Is There a Cardiotoxicity Associated With Metallic Head Hip Prostheses? A Cohort Study in the French National Health Insurance Databases

    loading  Checking for direct PDF access through Ovid

Abstract

Background

There are four distinguishable types of THA devices in wide use, as defined by the femoral and acetabular bearing surfaces: metal-on-polyethylene (MoP), ceramic-on-polyethylene (CoP), metal-on-metal (MoM), and ceramic-on-ceramic (CoC). Metallic head THAs (MoP and MoM) can potentially induce cardiac toxicity because cobalt species, generated at the head-neck trunnion, and in the case of MoM devices, at the articular surface as well, can be absorbed systemically. However, studies have provided inconsistent results.

Questions/purposes

The purpose of this study was to assess the risk of dilated cardiomyopathy (DCM) or heart failure (HF) associated with metallic head THAs using data from the French national health insurance databases.

Methods

Between 2008 and 2011 in France, 399,968 patients ≥ 55 years had a first THA. A total of 127,481 were excluded after we applied the exclusion criteria regarding arthroplasty and 17,137 as a result of a history of DCM/HF, recorded in the French national health insurance reimbursement databases, between January 1, 2006, and the date of inclusion. The final cohort included 255,350 individuals (43% men; mean age 72 ± 9 years). Of them, 93,581 (37%) had been implanted with MoP, 58,095 (23%) with CoP, 11,298 (4%) with MoM, and 92,376 (36%) with CoC THAs. Patients were followed until December 2015. Patients with incident DCM/HF were identified by a new entitlement to the long-term disease scheme or a first hospitalization with a diagnosis of DCM or HF. MoP and CoP THAs are generally implanted in old patients, whereas MoM and CoC are mostly indicated in young, active male patients. Thus, to consider the specific indications of the bearing couples, analyses were separately performed in two distinct subcohorts, one comprising patients with MoP or CoP and one comprising patients with MoM or CoC THA. In each subcohort, the DCM/HF risk was compared between patients with metallic head versus nonmetallic head THAs (MoP versus CoP, MoM versus CoC). Hazard ratios (adjusted HRs) of incident DCM/HF were estimated using Cox models adjusted for baseline sex, age, THA characteristics (fixation technique with cement, use of a modular femoral neck), and comorbidities at baseline. Cox models were stratified by sex and age.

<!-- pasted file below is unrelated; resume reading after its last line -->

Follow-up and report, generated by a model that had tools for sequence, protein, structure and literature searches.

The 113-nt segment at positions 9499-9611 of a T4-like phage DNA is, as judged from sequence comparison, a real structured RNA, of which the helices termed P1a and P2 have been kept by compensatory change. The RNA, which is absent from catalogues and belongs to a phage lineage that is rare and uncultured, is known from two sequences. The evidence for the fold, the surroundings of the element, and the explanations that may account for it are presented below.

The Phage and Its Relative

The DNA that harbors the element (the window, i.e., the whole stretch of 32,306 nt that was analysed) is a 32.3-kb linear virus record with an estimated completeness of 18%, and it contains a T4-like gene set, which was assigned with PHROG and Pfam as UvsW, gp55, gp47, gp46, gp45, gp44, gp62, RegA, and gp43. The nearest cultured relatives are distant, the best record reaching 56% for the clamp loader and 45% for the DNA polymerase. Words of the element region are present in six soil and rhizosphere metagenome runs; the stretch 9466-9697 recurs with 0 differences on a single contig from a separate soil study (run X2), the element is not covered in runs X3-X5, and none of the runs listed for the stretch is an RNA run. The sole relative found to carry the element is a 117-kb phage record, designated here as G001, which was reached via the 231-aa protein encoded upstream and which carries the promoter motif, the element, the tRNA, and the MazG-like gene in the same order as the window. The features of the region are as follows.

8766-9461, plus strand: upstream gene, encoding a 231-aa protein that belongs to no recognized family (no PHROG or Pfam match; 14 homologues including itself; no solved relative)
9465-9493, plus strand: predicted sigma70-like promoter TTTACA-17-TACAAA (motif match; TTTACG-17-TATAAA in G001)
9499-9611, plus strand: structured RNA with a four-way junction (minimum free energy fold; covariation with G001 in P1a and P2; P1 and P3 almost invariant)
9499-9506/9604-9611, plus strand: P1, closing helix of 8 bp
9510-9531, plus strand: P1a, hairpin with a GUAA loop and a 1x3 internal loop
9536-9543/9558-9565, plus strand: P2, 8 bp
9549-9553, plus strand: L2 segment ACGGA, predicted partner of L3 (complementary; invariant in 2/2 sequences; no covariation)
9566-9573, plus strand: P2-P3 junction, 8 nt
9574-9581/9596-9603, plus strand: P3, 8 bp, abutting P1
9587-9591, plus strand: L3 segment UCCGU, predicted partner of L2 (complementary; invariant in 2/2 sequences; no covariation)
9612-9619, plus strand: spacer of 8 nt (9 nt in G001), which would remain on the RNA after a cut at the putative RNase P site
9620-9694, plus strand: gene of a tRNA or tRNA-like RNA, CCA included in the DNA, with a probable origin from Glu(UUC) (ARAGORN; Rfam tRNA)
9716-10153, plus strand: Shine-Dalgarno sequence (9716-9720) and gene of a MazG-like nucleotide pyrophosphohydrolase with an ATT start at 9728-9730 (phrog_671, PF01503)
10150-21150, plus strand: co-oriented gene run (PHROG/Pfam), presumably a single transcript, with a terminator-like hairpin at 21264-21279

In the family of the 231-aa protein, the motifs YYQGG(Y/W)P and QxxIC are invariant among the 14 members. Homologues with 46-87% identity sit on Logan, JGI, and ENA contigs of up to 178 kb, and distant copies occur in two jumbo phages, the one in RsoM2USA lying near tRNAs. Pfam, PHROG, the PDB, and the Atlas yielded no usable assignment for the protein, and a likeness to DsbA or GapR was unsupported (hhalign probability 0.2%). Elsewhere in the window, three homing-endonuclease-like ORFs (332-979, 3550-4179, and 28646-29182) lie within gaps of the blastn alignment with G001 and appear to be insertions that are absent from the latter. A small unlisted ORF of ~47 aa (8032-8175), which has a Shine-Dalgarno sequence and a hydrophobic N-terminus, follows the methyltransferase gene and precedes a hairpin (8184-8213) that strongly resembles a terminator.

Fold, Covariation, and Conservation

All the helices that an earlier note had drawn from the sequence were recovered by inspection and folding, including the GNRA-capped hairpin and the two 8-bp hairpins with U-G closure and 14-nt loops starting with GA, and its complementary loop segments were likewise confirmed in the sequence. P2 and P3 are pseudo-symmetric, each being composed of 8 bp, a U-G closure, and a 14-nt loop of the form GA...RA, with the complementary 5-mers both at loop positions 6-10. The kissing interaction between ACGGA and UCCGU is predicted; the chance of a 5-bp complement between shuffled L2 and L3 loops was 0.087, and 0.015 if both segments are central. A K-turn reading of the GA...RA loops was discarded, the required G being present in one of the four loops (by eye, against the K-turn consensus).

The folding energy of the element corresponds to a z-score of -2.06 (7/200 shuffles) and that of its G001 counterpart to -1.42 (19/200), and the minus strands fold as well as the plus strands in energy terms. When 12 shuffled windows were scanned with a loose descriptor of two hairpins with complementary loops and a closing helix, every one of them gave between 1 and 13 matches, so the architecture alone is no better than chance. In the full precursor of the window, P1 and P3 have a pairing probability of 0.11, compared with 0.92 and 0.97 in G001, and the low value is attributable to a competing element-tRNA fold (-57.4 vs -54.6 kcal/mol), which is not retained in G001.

Results

The crude incidence of DCM/HF per 100 person-years was 2.4 in patients with MoP, 1.8 with CoP, 1.2 with MoM, and 1.1 with CoC THAs. Overall, metallic head THAs were associated with a slight increase in DCM/HF risk (MoP versus CoP: adjusted HR, 1.08; 95% confidence interval [CI], 1.05-1.12; p < 0.001; MoM versus CoC: adjusted HR, 1.11; 95% CI, 1.03-1.19; p = 0.007). In the MoM-CoC subcohort, the risk tended to be more pronounced with MoM versus CoC THAs in women (MoM versus CoC: adjusted HR, 1.20; 95% CI, 1.07-1.35; p = 0.002) and patients aged ≥ 75 years (MoM versus CoC: adjusted HR, 1.16; 95% CI, 1.04-1.29; p = 0.009).

Conclusions

Metallic head THAs were associated with a slightly increased DCM/HF risk, especially with MoM in women and older patients. Some caveats should be mentioned: severity of DCM or HF was not available and residual confounding cannot be ruled out despite considering many covariates. Our findings suggest that cardiac function should be regularly monitored in patients with metallic head THAs. Further investigations should be planned on large international cohorts.

Level of Evidence

Level III, therapeutic study.

Related Topics

    loading  Loading Related Articles